Caraiscos VB, Bonin RP, Newell JG, Czerwinska E, Macdonald JF, Orser BA. (2007) Mol Pharmacol. 71(5):1277-87.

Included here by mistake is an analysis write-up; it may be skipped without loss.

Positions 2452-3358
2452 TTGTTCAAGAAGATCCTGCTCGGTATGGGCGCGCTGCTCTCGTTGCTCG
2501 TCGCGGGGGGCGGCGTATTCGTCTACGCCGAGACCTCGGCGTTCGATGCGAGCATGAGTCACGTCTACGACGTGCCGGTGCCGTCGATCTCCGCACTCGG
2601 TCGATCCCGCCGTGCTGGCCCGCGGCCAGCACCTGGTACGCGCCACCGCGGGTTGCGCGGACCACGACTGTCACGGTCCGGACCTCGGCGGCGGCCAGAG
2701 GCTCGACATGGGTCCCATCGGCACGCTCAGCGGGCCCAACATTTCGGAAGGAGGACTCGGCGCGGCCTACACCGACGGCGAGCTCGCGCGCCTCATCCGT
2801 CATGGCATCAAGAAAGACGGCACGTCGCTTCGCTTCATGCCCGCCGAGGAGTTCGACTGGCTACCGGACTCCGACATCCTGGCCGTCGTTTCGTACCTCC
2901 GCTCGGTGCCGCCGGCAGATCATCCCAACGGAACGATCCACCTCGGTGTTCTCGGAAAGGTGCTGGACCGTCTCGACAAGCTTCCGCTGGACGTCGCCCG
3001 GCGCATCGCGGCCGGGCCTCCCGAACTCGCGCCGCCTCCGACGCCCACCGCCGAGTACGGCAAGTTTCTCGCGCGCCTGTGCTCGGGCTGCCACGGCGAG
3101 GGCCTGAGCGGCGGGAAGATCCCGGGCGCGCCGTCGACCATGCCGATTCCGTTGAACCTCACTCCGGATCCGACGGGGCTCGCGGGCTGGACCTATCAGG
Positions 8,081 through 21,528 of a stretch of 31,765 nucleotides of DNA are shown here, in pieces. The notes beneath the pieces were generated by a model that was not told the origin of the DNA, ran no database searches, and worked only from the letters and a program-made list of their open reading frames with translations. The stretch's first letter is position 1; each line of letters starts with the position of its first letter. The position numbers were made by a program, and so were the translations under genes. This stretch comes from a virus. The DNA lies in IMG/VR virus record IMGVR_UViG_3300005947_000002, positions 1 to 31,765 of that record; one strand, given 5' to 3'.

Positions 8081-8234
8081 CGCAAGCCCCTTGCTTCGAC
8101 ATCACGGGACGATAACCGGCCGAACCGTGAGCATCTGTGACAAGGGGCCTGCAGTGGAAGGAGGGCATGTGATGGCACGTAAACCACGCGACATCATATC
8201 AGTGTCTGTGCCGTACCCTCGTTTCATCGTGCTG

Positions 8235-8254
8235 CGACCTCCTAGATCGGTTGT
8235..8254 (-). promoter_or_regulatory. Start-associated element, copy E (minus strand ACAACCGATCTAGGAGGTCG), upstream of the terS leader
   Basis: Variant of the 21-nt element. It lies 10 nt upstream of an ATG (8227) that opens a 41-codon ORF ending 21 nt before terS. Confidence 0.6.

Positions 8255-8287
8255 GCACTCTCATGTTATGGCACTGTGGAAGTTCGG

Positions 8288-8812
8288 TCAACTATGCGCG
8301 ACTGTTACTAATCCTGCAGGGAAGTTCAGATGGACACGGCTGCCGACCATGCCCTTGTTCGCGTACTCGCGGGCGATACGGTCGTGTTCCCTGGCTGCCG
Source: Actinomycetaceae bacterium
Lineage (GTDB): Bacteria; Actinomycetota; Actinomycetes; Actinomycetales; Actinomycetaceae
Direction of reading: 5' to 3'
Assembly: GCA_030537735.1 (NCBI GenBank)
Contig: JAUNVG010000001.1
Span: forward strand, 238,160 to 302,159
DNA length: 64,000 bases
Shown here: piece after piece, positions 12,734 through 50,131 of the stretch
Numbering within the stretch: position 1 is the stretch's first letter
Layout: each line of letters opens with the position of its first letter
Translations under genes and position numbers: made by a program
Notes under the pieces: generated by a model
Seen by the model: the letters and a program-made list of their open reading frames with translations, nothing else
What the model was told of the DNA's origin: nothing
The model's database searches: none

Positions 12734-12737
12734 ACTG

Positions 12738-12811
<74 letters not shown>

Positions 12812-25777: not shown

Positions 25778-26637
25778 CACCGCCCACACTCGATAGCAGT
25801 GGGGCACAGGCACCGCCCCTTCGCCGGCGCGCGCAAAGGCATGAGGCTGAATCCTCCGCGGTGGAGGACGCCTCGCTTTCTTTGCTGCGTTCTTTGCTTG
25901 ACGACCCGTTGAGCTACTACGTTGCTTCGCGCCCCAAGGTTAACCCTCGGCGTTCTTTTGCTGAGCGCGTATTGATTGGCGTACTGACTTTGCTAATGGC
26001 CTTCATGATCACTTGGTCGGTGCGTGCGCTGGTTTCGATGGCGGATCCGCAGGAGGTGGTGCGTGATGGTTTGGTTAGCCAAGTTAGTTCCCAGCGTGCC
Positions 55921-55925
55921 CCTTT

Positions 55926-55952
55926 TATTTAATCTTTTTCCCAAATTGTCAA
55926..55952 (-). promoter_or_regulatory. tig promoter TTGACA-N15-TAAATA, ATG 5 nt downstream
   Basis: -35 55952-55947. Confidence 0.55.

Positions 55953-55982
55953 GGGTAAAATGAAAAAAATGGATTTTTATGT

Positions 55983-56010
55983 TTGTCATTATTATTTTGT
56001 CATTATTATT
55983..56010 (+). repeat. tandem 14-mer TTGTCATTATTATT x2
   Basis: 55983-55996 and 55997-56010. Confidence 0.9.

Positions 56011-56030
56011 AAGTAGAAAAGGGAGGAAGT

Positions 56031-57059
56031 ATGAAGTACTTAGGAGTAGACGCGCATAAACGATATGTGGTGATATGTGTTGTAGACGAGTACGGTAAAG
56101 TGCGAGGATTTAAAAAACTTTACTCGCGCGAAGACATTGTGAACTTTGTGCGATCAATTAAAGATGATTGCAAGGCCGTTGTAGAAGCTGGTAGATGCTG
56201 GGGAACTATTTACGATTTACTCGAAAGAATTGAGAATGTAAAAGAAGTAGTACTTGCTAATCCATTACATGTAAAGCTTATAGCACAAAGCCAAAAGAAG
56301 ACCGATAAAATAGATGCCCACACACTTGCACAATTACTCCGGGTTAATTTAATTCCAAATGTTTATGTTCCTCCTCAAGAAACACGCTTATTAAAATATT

The mechanisms by which insulin modulates neuronal plasticity and pain processes remain poorly understood. Here we report that insulin rapidly increases the function of glycine receptors in murine spinal neurons and recombinant human glycine receptors expressed in human embryonic kidney cells. Whole-cell patch-clamp recordings showed that insulin reversibly enhanced current evoked by exogenous glycine and increased the amplitude of spontaneous glycinergic miniature inhibitory postsynaptic currents recorded in cultured spinal neurons. Insulin (1 microM) also shifted the glycine concentration-response plot to the left and reduced the glycine EC(50) value from 52 to 31 microM. Currents evoked by a submaximal concentration of glycine were increased to approximately 140% of control. The glycine receptor alpha subunit was sufficient for the enhancement by insulin because currents from recombinant homomeric α1 receptors and heteromeric α1β receptors were both increased. Insulin acted at the insulin receptor via pathways dependent on tyrosine kinase and phosphatidylinositol 3 kinase because the insulin effect was eliminated by the insulin receptor antagonist, hydroxy-2-naphthalenylmethylphosphonic acid trisacetoxymethyl ester, the tyrosine kinase inhibitor lavendustin A, and the phosphatidylinositol 3 kinase antagonist wortmannin. Together, these results show that insulin has a novel regulatory action on the potency of glycine for ionotropic glycine receptors.
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